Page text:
7. Are the unemployment and sickness benefits payable by the RRB affected if an employee is also receiving a military service pension?
Yes. The unemployment and sickness benefits payable by the RRB are affected if a claimant is also receiving a military service pension. However, payments made by the Department of Veterans Affairs will not affect railroad unemployment or sickness benefits.
When a claimant is receiving a military service pension or benefits under any social insurance law for days in which he or she is entitled to benefits under the Railroad Unemployment Insurance Act, railroad unemployment or sickness benefits are payable only to the extent to which they exceed the other payments for those days. In many cases, the amount of a military service pension precludes the payment of unemployment or sickness benefits by the RRB. Examples of other such social insurance payments are firefighters' and police pensions, or certain workers' compensation payments. Claimants should report all such payments promptly to avoid having to refund benefits later.
8. Can proof of military service be filed in advance of retirement?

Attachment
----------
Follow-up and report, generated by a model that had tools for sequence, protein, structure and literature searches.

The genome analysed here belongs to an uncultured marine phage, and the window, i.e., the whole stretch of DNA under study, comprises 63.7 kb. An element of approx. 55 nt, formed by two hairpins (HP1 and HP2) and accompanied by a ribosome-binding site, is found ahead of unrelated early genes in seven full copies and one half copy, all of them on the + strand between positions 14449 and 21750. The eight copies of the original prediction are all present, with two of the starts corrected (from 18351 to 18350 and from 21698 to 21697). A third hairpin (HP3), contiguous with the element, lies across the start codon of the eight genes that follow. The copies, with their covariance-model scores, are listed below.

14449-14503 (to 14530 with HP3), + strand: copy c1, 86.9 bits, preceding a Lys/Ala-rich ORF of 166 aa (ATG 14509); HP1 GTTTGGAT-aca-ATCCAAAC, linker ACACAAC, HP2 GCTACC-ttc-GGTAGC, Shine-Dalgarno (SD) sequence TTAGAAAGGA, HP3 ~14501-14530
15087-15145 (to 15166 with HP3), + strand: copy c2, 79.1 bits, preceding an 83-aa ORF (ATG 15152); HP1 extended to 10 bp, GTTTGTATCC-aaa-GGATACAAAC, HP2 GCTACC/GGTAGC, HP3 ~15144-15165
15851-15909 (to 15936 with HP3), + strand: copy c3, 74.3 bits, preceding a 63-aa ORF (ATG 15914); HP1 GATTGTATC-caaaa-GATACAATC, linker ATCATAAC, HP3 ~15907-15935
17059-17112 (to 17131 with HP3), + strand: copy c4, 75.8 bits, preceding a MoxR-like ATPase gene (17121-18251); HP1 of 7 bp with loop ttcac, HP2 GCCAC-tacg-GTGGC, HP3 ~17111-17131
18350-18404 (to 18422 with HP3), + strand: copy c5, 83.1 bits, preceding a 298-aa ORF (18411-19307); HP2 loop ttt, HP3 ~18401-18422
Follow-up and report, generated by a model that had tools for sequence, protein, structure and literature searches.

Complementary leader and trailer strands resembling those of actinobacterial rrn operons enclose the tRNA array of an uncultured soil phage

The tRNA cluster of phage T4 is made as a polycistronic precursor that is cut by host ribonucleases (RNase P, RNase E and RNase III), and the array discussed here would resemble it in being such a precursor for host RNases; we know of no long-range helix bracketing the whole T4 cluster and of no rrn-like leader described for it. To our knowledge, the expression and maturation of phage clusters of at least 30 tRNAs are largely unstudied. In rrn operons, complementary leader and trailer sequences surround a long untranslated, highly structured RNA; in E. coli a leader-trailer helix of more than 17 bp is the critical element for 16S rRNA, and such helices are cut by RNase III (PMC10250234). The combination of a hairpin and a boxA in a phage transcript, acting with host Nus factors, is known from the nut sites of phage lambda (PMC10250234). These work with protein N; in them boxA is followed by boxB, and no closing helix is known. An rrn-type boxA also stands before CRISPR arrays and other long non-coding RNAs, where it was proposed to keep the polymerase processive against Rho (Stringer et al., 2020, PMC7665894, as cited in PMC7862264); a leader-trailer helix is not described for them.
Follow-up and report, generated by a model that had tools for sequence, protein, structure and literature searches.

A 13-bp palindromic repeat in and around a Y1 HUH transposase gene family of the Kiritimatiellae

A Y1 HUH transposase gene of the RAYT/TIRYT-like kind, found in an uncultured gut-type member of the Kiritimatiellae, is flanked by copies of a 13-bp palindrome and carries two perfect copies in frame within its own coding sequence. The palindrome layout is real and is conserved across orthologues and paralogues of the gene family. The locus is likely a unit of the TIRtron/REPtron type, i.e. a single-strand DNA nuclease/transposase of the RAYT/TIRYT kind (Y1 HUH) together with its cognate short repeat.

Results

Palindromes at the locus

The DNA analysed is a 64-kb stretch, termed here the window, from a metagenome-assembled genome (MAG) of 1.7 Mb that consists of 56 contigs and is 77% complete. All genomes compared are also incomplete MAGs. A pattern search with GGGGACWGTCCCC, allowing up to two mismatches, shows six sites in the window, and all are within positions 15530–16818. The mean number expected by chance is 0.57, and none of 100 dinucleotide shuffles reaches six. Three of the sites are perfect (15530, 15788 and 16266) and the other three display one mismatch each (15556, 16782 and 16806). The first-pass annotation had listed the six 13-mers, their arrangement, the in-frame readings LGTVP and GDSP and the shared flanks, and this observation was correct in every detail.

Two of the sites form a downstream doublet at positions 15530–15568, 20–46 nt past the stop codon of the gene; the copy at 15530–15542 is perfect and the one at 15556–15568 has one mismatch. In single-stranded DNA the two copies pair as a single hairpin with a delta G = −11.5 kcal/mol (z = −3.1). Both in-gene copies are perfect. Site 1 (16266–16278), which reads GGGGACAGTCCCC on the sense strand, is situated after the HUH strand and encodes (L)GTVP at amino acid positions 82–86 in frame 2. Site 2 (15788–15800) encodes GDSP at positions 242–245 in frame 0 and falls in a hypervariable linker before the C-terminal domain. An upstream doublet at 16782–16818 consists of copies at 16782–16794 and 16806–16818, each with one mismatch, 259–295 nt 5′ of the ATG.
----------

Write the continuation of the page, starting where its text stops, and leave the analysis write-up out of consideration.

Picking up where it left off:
Yes. Railroad employees are encouraged to file their military service proofs well before retirement to expedite the annuity application process and avoid delays caused by inadequate proofs. Proofs can be mailed to an employee’s local RRB field office, or placed in the secure lockboxes/door slots outside of an RRB field office’s doors. (Lockboxes and door slots are checked daily.) Employee information will be recorded and stored electronically until an employee retires. All evidence brought or mailed to an RRB office will be handled carefully and returned promptly.
If employees do not have an official record of their military service, their local RRB office will explain how to get acceptable evidence.
9. How can an employee get more information about the crediting of his or her military service by the RRB?
More information is available by visiting the RRB’s website, RRB.gov, or by calling an RRB office toll-free at 1-877-772-5772. Persons can find the address of the RRB office servicing their area by calling the agency’s toll-free number or by clicking on the Field Office Locator tab at RRB.gov. RRB field offices currently offer limited in-person service by appointment. To schedule an appointment, call 1-877-772-5772. Individuals should bring a photo ID when visiting a field office, and, depending on guidance from the Centers for Disease Control and Prevention for the county in which the field office is located, may be required to wear an appropriate face mask. In such circumstances, if visitors do not have a mask, one will be provided for them.